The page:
Apple rolls out live sports integration to its TV app in Canada

Apple bans developers from selling user contacts

Apple quietly closed an important privacy loophole while preaching about its data protection credentials (AAPL)

According to a report from Bloomberg, Apple updated its App Store Review Guidelines last week with more detailed rules on what developers can do with users' Contacts address book information.

Apple will permit virtual currency wallet apps, as long as they're offered by developers who are enrolled as organizations.

"”In the USA and Canada, where the Sports feature is available, Apple TV App users will be able to keep track of all the action on FOX NOW in the USA; and TSN and RDS [in Canada]", the company said.

Developers are responsible for ensuring their apps operate within Apple's guidelines, and apps which previously collected and shared this data without user consent must change the operations of their apps.

"Apple's new guidelines "sound like they're nearly written in response to what Onavo and others have been doing", said Will Strafach, a researcher who has studied Onavo Protect and focuses on the security of Apple's iOS mobile operating system". Even so, there's no mechanism to do that for all apps that have been installed on an iPhone.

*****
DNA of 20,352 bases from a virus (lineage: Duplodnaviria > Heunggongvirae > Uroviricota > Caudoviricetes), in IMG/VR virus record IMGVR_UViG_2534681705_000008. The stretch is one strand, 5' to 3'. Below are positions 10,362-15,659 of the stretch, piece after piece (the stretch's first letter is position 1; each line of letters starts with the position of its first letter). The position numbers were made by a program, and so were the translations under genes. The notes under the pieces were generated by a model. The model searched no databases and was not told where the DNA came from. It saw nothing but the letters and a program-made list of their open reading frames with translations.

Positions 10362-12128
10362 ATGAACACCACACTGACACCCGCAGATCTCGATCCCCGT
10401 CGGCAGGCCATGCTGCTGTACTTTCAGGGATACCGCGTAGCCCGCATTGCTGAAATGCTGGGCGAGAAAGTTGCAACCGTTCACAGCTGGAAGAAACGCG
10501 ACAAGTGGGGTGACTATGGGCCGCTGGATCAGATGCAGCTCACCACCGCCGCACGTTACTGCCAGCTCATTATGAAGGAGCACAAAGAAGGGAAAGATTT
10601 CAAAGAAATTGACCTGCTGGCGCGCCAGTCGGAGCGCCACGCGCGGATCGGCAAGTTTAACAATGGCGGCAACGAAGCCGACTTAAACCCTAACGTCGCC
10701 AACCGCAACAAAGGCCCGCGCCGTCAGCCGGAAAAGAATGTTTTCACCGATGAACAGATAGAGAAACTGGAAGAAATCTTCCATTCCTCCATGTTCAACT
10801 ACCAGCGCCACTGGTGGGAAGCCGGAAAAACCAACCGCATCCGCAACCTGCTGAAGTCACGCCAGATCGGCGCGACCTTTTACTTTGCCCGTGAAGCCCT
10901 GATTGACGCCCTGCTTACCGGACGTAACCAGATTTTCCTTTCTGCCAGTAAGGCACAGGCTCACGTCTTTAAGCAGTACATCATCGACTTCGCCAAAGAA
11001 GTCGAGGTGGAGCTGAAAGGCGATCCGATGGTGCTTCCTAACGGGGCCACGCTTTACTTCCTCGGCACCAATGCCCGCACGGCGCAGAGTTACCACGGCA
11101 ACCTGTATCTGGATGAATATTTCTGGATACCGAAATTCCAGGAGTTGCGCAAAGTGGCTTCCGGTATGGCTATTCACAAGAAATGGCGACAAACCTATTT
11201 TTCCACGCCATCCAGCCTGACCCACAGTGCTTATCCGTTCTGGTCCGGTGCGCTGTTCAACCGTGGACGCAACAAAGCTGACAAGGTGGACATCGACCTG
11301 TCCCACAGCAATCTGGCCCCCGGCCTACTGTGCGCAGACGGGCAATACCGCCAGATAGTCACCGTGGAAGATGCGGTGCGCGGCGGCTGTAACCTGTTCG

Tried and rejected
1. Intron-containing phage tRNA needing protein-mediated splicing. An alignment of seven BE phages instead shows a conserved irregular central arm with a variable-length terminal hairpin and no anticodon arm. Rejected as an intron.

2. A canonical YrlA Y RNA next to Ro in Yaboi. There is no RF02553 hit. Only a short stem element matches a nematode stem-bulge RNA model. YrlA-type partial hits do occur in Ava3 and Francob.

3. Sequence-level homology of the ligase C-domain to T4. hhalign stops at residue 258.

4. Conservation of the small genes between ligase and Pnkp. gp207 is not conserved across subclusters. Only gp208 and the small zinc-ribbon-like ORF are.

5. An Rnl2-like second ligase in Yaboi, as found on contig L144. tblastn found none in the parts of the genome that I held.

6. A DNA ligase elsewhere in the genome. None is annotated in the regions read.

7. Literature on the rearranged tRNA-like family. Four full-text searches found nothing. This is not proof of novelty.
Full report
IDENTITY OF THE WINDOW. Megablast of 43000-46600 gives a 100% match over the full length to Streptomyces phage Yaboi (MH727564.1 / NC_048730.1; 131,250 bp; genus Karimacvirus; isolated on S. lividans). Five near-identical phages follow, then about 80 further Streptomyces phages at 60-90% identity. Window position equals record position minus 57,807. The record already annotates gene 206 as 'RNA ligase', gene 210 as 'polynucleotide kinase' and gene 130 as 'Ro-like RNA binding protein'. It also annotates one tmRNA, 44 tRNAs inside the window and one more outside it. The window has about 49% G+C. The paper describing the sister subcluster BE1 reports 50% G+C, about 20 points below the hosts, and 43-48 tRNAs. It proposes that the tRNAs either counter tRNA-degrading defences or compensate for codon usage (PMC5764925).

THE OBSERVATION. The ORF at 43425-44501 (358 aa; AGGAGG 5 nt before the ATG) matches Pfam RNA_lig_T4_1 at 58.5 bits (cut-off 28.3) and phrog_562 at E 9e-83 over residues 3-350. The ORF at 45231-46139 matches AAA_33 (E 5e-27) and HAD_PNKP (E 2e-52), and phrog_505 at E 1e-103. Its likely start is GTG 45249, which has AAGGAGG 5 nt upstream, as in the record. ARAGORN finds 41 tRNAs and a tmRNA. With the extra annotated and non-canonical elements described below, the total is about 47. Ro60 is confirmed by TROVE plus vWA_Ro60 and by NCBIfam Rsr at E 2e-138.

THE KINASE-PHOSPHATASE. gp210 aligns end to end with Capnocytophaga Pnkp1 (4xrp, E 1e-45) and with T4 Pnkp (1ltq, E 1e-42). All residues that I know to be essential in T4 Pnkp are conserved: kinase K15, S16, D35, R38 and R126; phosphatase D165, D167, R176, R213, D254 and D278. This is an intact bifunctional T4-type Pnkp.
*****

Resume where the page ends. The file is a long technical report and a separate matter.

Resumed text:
Apple wanted to put a stop to that before this idea spreads to other developers, and it has now updated its App Store policies to explicitly prohibit cryptocurrency mining on iOS devices, as well as any other application that will abuse a phone's battery life.

Aside from that, Apple's rules on contact lists have remained relatively consistent for a decade. Best of all, if the app isn't able to resolve any of your issues, you can even schedule a fix appointment with an authorized service provider near you within the app. The data that may have been shared already can not be retrieved back or be "un-shared".

Since the App Store was launched in 2008, allegations of users' contact lists being abused have come up occasionally. This means that if the developer go permission to from iPhone users to utilize their information for one thing, if the developer want to use that database for another project, then permission must be taken once again.

Either way, Onavo is a great example of corporate spyware, so if it's booted off the App Store the only tears shed will be crocodile ones. On the company's help page about app permissions, under "Important", it says: "If you remove permission for an app, this action won't delete the info the app already has".

Fans can also use Clips to create videos; the app comes with new football-themed graphics including an animated sticker, label and poster with customisable text.

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